By Joe Morey'
Last week, LCO News reported on a destruction of wild rice incident in Washburn County and that LCO Chairman Louis Taylor sent a letter to Governor Tony Evers seeking a response. Taylor, representing the whole Tribal Governing Board, requested information on why only the landowner was cited in the incident and not the actual perpetrators of the illegal removal of wild rice.
Governor Evers sent the Chairman a letter on October 2nd after learning about the incident on a monthly Tribal leaders call.
Evers said his office immediately reached out to the Department of Natural Resources (DNR).
“We learned that the DNR warden staff issued a citation and fine to the individual who hired others to remove the rice beds and other aquatic vegetation from the lake. The warden staff also explored a court order with the local district attorney’s office.
“The individual was found to have been in violation of the DNR Administrative Code NR 19.09, unauthorized removal or destruction of wild rice, and was issued the maximum financial penalty, set by a board of Wisconsin judges for uniformity and consistency across the state,” Evers explained in the letter.
“I have been in communication with the DNR and have asked them to reach out to Lac Courte Oreilles leadership to provide you with an update of the actions they have taken to resolve this incident,” Evers wrote. “The unauthorized harvesting or destruction of wild rice, particularly in a manner that is detrimental to the sustainability of the rice beds, is unacceptable. My office will continue to work with the DNR to make sure that the matter is resolved and we will continue working to protect wild rice across the state.”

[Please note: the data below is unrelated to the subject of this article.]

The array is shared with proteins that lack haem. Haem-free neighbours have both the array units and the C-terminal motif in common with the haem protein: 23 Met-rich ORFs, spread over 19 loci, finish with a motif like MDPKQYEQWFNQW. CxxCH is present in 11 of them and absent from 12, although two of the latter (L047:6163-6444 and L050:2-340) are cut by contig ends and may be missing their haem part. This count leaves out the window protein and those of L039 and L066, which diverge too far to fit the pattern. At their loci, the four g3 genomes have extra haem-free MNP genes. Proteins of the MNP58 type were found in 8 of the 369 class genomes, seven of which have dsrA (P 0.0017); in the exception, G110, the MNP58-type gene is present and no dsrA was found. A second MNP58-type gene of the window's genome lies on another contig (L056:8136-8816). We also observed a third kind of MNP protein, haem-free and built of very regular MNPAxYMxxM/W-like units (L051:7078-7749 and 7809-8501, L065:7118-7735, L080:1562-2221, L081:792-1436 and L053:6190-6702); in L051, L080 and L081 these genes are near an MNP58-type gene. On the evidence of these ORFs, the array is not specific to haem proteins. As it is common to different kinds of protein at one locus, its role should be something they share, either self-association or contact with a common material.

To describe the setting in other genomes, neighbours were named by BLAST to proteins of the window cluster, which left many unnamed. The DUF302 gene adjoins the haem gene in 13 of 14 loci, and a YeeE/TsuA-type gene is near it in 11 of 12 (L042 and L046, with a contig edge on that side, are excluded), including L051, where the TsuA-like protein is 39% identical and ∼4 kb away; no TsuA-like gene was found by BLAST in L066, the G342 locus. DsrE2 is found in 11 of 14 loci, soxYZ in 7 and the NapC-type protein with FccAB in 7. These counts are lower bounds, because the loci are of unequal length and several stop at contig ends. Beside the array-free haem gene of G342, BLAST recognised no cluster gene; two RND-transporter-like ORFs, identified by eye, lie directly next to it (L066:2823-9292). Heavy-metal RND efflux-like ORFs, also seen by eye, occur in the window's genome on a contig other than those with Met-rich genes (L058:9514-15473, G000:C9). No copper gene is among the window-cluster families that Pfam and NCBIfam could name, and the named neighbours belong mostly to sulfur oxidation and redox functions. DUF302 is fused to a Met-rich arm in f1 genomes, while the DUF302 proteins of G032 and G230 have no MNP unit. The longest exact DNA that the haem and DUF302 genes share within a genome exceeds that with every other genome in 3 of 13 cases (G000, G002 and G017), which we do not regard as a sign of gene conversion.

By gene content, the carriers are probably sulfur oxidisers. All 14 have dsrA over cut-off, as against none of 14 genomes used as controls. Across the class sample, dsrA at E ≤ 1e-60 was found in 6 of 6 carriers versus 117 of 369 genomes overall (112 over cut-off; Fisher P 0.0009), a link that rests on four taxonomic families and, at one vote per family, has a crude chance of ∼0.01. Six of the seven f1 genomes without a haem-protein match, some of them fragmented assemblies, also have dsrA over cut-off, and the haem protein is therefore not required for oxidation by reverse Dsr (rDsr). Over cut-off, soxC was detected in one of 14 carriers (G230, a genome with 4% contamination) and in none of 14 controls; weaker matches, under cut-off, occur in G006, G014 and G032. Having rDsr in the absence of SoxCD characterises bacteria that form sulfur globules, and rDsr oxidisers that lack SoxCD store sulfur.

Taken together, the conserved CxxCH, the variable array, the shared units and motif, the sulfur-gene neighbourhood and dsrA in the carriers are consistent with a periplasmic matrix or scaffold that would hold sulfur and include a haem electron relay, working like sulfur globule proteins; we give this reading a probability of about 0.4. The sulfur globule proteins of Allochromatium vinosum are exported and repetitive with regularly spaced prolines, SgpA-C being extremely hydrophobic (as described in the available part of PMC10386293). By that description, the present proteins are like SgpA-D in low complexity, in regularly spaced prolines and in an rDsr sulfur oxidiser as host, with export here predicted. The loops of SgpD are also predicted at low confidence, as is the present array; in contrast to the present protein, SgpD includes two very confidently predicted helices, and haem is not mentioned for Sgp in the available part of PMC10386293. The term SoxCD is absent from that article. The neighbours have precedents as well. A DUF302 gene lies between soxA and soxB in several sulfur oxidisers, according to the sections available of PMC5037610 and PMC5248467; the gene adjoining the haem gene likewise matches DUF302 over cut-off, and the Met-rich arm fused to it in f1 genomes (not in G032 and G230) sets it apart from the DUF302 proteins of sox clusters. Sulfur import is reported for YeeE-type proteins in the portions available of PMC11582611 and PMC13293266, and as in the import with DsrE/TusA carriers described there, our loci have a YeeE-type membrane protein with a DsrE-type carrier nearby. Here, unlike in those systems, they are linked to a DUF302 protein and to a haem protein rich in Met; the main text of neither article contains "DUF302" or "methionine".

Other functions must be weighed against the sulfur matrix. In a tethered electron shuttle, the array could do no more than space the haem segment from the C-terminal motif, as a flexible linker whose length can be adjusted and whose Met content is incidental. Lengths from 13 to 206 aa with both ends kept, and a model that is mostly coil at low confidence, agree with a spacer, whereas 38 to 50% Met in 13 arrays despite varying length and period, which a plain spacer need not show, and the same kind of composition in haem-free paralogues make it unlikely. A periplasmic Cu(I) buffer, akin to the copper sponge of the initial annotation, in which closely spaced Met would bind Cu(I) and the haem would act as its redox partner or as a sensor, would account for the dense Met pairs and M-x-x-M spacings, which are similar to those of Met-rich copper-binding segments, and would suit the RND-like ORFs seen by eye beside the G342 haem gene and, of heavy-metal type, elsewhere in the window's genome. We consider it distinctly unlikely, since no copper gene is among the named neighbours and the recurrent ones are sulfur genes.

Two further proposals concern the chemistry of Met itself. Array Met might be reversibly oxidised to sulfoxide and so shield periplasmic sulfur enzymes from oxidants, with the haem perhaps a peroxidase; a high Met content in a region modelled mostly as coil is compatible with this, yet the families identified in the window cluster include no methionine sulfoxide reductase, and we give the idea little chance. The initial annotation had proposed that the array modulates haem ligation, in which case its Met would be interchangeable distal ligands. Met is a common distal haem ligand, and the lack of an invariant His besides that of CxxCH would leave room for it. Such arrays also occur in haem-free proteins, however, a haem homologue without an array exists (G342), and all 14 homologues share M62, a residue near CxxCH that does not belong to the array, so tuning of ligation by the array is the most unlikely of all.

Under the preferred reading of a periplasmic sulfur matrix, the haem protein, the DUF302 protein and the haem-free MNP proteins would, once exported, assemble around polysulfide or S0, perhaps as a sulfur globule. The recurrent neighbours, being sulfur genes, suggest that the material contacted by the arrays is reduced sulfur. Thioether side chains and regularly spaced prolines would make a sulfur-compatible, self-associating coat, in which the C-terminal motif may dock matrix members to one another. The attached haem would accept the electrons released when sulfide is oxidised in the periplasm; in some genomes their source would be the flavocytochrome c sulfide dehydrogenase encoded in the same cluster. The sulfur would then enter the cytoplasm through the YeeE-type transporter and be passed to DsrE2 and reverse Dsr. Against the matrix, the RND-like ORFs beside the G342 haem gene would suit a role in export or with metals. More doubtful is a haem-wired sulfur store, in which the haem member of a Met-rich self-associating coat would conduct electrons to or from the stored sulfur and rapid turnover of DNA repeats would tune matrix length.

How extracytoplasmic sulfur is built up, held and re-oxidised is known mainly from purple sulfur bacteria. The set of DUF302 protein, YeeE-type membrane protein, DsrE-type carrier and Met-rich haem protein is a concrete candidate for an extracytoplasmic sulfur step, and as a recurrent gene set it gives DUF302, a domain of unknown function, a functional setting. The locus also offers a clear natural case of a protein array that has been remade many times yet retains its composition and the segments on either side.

There’s been no response as of yet from DNR Secretary Adam Payne.
Ricing Incident Article Published Oct. 4th
After a recent incident that occurred on Dilley Lake in Washburn County whereby a non-tribal person was destroying wild race in the company of several migrants, LCO Chairman Louis Taylor sent a letter to Governor Tony Evers and Wisconsin Department of Natural Resources (DNR) Director Adam Payne. The incident was captured on camera by an LCO first descendant, Laura Merchant, who was gathering wild rice on the lake.
Merchant was on the lake with her husband and two others and had their permits and legal equipment. After last week’s article regarding the letter Chairman Taylor sent out, she reached out with further information per the incident.
Governor Evers also placed a call to Taylor since and said the DNR was following the law as far as citations issued. The only citation issued was to the owner of the boat.
The letter Taylor sent was in response to a citation being issued to the non-tribal person, but no charges were filed against the migrants. The non-tribal apparently told LCO Conservation Wardens that he would just ‘pay the fine.’
Merchant informed the LCO News that when they came upon the incident, her friend immediately made a call to the DNR hotline after the landowner spoke to them.
“I contacted a Tribal Warden who I was referred to by a St Croix Council Member that I’m friends with. I texted information and images to the warden who forwarded those on to the DNR State Warden who was assigned to investigate the case, at least that’s what I understand happened behind the scenes after our reporting,” Merchant stated.